Events offer education on no-till, soil health and farm success

Events offer education on no-till, soil health and farm success

No-till on the Plains is Jan. 26-27 followed by AIM Symposium on Jan, 28; both events focus on keeping soil healthy

The recognition of soil as a living ecosystem and placing an emphasis on keeping that ecosystem healthy has become a major focus of the efforts of no-till farmers.

The end of January will find two events offering farmers an opportunity to learn how keeping soil healthy can boost farm success as the 20th No-till on the Plains Conference kicks off Jan. 26 and 27 and the annual Agriculture's Innovative Minds Symposium follows on Jan, 28,.

TALKING SEQUESTRATION: Kansas State Univeristy professor Charles Rice was a speaking at the 2015 No-till on the Plains Winter Conference, discussion climate change and the role of healthy soil in carbon sequestration.

The Winter Conference, themed “Celebrating Our History, Transforming Our Future,” features a new format with keynote speakers, 22 breakout sessions, beginner’s session, networking opportunities, rainfall simulator, trade show and industry market presentations.

“The 20th anniversary conference features the best speaker lineup you’ll find in one place,” said Steve Swaffar, executive director for No-till on the Plains. “These experts will help attendees put all the pieces together for a successful system.”

 Keynote speakers will break down global issues in continuous no-till and food production and their effects at the producer level. Speakers include Terry Fleck, executive director for the Center for Food Integrity; Dr. Kofi Boa, director of Ghana’s Center for No-till Agriculture; Dr. Dwayne Beck, research manager for Dakota Lakes Research Farm; and Ray Archuleta, conservation agronomist and soil health specialist for the Natural Resource Conservation Service.

 Attendees can choose from 22 breakout sessions to learn strategies for weed control, benefiting from insect cycles, integrating grazing, feeding soil with cover crops, discussing no-till with financial partners, managing soil fertility and much more. Producer panels will offer insights on continuous no-till in low- and high-moisture climates.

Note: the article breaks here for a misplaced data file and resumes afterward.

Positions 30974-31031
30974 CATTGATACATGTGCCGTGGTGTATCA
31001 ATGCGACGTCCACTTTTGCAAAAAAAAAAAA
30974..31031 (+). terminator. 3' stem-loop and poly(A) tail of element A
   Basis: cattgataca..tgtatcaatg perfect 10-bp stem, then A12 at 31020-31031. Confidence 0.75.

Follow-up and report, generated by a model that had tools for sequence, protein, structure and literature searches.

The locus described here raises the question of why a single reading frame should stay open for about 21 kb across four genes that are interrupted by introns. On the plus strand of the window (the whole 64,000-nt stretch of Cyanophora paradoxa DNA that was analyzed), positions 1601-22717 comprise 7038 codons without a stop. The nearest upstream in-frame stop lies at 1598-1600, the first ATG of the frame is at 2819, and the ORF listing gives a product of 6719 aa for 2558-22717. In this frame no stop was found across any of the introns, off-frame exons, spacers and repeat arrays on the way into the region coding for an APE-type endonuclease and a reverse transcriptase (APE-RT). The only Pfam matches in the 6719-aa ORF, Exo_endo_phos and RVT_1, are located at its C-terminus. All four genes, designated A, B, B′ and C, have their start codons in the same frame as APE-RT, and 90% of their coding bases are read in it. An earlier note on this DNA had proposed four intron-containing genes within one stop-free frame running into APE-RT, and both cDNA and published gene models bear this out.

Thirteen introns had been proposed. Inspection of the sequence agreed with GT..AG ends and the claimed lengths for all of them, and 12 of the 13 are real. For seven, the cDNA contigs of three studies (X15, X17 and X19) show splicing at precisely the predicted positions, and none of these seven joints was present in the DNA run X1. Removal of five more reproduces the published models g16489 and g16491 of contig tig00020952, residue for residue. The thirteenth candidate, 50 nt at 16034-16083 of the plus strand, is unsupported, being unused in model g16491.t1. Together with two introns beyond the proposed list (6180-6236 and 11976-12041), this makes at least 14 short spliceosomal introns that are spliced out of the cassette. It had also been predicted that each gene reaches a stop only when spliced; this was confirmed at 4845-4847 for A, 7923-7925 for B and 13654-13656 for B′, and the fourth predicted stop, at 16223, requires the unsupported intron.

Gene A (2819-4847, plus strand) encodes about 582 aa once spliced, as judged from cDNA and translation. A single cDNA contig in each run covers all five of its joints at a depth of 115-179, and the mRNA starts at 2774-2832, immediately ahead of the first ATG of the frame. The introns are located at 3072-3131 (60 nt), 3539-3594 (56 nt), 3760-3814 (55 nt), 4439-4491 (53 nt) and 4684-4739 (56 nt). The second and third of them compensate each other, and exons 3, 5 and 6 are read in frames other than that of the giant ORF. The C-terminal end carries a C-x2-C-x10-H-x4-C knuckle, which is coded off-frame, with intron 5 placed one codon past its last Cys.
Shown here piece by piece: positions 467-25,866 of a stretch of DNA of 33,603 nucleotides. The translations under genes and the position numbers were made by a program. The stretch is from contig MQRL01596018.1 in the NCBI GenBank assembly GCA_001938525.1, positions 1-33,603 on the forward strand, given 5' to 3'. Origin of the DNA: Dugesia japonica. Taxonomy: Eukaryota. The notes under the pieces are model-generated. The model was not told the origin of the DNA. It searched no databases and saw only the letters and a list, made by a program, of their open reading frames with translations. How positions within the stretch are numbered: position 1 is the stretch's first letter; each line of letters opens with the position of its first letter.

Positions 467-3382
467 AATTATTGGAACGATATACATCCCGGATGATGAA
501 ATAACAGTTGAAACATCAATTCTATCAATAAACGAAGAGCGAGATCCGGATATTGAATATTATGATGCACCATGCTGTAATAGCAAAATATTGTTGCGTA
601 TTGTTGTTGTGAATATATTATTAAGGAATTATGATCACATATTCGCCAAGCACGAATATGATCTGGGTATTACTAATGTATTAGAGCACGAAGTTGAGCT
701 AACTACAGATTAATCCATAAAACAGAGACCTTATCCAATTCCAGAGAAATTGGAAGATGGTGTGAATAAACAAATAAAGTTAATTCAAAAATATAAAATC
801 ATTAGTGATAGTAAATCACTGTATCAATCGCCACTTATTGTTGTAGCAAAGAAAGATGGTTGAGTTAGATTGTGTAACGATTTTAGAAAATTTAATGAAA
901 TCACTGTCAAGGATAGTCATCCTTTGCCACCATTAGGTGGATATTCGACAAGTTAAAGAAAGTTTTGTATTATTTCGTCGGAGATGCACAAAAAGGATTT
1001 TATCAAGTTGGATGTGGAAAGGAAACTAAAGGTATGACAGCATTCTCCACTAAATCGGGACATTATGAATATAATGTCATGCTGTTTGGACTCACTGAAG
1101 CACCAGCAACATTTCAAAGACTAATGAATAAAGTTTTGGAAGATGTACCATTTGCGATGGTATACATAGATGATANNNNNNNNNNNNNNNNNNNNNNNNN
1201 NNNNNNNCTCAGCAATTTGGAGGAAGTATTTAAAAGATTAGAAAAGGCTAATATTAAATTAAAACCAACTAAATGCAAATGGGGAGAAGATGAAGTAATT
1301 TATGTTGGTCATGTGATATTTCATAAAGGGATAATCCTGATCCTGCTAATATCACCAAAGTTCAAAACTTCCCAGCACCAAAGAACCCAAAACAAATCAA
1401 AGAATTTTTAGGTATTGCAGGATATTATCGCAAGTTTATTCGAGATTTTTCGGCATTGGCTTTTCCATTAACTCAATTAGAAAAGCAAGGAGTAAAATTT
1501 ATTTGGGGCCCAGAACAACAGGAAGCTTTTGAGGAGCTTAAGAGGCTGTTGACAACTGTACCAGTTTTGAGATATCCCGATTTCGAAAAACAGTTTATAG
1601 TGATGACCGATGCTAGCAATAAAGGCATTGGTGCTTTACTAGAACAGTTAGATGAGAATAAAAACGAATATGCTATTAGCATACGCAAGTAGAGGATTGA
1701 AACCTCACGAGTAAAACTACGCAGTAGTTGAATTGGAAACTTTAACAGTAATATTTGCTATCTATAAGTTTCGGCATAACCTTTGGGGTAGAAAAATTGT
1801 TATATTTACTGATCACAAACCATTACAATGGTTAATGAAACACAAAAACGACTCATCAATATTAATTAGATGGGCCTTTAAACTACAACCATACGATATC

The AIM Symposium is a one-day seminar examining how plants, insects and the soil communicate by releasing chemicals to send messages. This communication can benefit plants in need of resources or protection. Speakers include Jill Clapperton, principal scientist and co-founder of Rhizoterra Inc.; Jonathan Lundgren, research entomologist; and Jack Schultz, director of the University of Missouri’s Bond Life Sciences Center. The trio will offer an in-depth look at what communication means for soils, crop production and bottom lines.

 Online registration is strongly encouraged. Discounted pricing expires at 11:59 p.m., Friday, Jan. 8, and is as follows: $325 for Winter Conference, $250 for the AIM Symposium, and $500 for the combination. Pricing Jan. 9-18 is $350 for Winter Conference and $250 for the AIM Symposium. Visit notill.org to register and pay.

 Online registration will close after 11:59 p.m., Thursday, Jan. 21, and walk-in rates will apply thereafter at $400 for Winter Conference and $275 for the AIM Symposium. All rates are per person.

 No-till farming systems offer several advantages to producers willing to implement the system. Fewer trips across fields without tillage passes will reduce fuel costs. Increasing crops in rotations breaks weed and insect pest cycles. Increased crop residue and root systems will increase soil organic matter and microbiological activity, thereby increasing the productiveness and fertility of the soil. Implemented in a site-specific systems approach, no-till will, over time, outperform conventional tillage.

 No-till on the Plains offers field events, networking opportunities and the annual Winter Conference to provide crop producers with valuable no-till information. For more information, visit notill.org.

Source: No-till on the Plains

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